John Leiber is the lawyer and Aaron Richardson is the mayor of Fitchburg. In their primary elections, Leiber trounced his opponent – the southeast regional director for Republican Sen. Ron Johnson – with 77% of the vote, while Richardson earned 38% of the vote while his opponents – a Wausau radiologist and an alderman from West Allis – who earned 36% and 25% respectively.
In the November general election – which is being greatly overshadowed by the statewide elections for governor and U.S. Senate – pits Leiber, 45, a Republican who has no interest in expanding the duties of treasurer, against Richardson, 46, a Democrat who hopes to grow the office's role by creating new programs.Read More
La Crosse Man Sentenced To 7 ½ Years For Distributing Fentanyl
Antoine Hardie, 37, La Crosse, Wisconsin, was sentenced yesterday by Chief U.S. District Judge James D. Peterson to 7 ½ years in federal prison for distributing fentanyl. On May 17, 2022, Hardie pleaded guilty to possessing 40 or more grams of fentanyl with intent to distribute.
Hardie sold fentanyl to a confidential informant in La Crosse on five occasions between June 24, 2021 and September 17, 2021. A subsequent search of a storage shed associated with Hardie revealed 296 grams of fentanyl hidden in a child’s suitcase.
In selecting a 7 ½ year sentence, Judge Peterson noted the dangers of fentanyl, Hardie’s violent criminal history, and the need to protect the public. Hardie’s criminal history includes convictions for battery, witness intimidation, and burglary. In one case, he threatened to kill a victim and her family.Read More
DNR Releases Climate Action Report
The Wisconsin Department of Natural Resources (DNR) has released a climate action report highlighting agency accomplishments in 2021 related to climate change and environmental equity.
Wisconsin’s climate is changing, with far-ranging consequences for the people of Wisconsin, natural resources and major economic sectors. All communities are impacted by climate change. However, communities of color, tribal nations, and low-income communities are often the first and worst hit by pollution, industry shifts, extreme weather related to climate change and other environmental health hazards.
“Climate change is one of the defining issues of our time. By working together we can make a real difference for Wisconsin’s climate resilience and the most vulnerable amongst us,” said DNR Secretary Preston D. Cole. “The DNR is committed to climate action and addressing the impacts of climate change on the state’s resources, communities and people is a top priority for the department.”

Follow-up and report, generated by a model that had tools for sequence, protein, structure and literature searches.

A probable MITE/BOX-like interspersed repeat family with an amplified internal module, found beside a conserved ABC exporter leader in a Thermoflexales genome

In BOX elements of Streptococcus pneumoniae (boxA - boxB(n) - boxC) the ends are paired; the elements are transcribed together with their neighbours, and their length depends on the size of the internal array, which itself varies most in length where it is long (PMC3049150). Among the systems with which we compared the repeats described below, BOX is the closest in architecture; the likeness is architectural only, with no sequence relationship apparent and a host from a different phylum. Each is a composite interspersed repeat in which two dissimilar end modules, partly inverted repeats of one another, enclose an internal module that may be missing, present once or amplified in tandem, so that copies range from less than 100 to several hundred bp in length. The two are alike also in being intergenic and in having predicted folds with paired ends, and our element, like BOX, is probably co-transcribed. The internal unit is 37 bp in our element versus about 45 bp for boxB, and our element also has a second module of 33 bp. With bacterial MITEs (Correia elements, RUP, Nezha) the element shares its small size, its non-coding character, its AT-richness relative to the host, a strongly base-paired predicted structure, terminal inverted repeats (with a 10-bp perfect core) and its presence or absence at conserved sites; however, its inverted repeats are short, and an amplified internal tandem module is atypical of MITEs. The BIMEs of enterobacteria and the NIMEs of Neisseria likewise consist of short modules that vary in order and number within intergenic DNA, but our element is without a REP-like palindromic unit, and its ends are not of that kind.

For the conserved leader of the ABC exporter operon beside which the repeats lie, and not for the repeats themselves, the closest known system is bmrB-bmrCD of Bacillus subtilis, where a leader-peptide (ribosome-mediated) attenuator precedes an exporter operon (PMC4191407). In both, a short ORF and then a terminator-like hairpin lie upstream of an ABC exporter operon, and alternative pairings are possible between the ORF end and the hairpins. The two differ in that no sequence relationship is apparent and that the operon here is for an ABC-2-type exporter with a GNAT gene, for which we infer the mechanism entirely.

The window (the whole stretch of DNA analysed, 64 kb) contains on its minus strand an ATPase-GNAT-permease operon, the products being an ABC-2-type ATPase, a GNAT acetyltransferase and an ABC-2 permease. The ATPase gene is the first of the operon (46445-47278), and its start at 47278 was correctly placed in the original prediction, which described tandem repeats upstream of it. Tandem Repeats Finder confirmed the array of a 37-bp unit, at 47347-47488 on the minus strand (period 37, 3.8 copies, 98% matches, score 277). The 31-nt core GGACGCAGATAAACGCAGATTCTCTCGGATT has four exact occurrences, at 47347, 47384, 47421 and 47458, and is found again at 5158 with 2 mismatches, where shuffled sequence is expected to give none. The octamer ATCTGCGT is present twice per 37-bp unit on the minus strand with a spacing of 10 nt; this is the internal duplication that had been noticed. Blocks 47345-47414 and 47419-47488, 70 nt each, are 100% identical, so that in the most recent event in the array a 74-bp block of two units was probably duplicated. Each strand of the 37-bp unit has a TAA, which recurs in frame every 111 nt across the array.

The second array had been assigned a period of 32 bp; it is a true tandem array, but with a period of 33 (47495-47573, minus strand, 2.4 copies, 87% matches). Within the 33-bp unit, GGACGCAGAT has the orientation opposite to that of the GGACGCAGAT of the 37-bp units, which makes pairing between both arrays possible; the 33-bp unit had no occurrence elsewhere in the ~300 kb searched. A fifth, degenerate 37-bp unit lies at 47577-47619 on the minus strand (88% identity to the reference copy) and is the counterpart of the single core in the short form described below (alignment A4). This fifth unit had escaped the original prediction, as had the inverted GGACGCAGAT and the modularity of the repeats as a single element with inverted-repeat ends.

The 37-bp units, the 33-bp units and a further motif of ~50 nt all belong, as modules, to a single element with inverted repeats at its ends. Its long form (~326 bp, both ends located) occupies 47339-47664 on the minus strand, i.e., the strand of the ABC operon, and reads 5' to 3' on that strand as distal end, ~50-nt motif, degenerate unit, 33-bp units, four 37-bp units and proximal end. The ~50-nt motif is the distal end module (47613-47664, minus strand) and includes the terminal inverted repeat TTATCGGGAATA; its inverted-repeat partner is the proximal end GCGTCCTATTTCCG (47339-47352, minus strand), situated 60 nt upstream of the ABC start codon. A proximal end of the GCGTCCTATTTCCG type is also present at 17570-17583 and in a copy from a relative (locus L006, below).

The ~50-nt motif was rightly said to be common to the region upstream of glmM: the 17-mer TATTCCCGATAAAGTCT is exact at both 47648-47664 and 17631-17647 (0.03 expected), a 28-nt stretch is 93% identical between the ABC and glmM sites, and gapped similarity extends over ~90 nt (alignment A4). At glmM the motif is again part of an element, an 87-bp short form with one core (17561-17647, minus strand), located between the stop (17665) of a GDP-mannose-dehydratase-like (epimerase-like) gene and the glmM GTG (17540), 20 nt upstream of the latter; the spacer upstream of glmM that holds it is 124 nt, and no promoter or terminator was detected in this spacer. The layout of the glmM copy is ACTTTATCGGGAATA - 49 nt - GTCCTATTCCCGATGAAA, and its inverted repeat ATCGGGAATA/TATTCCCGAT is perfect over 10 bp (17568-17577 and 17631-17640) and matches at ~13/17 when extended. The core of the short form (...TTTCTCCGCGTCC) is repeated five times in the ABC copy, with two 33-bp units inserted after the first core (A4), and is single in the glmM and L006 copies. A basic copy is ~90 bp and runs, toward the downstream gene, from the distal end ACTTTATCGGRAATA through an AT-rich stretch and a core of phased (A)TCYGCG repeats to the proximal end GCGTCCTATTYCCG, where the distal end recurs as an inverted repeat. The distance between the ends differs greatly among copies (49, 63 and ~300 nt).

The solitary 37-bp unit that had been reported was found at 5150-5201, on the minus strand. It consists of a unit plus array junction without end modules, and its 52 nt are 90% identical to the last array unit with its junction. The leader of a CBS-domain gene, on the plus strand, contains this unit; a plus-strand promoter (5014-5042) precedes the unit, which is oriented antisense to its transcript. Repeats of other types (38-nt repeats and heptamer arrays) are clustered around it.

The climate action report summarizes strides the department has made in advancing equity, addressing greenhouse gas emissions, building community resilience and helping natural communities adapt to climate change.Read More
WisDOT Conducts Training Session On Automated Vehicles For Law Enforcement, First Responders
The Wisconsin Department of Transportation conducted a training session for law enforcement officers and first responders on Connected and Automated Vehicle (CAV)Technology at the campus of Gateway Technical College in Racine Friday, September 9.
WisDOT presented the training in partnership with the city of Racine, Gateway Technical College and the University of Wisconsin-Madison Traffic Operations and Safety Laboratory.
The training included a demonstration of the Racine Badger, the only fully automated vehicle operating on Wisconsin roads. Trainees received a demonstration and a chance to ride the Badger, which operates as a shuttle around the Gateway campus.
“We are focused on CAV because of its enormous potential to reduce crashes and fatalities on Wisconsin roads," Joel Nilsestuen, WisDOT Deputy Assistant Secretary, said. “Most crashes are due to one extent or another to human error, such as inattentive or impaired driving, speeding and other reckless behavior. By eliminating these kinds of errors, CAV may one day dramatically reduce the number of crashes, saving many lives in the process.“
Along with the Badger demonstration, members of the state's Traffic Incident Management training team and other law enforcement and first responders were trained on how CAV technology works, which Wisconsin laws apply to the vehicles, and how to approach them at traffic stops.Read More
UW System To Send Campus Free Speech Survey To Students This Fall
A campus free speech survey that spurred the resignation of a University of Wisconsin System chancellor will be sent to students at all state colleges this fall, according UW System President Jay Rothman.
The privately funded survey had been set to be emailed to students in April. A copy asked students what they know about First Amendment free speech rights, how much they value them and whether they've felt pressured by a professor to agree with a political or ideological opinion in class.Read More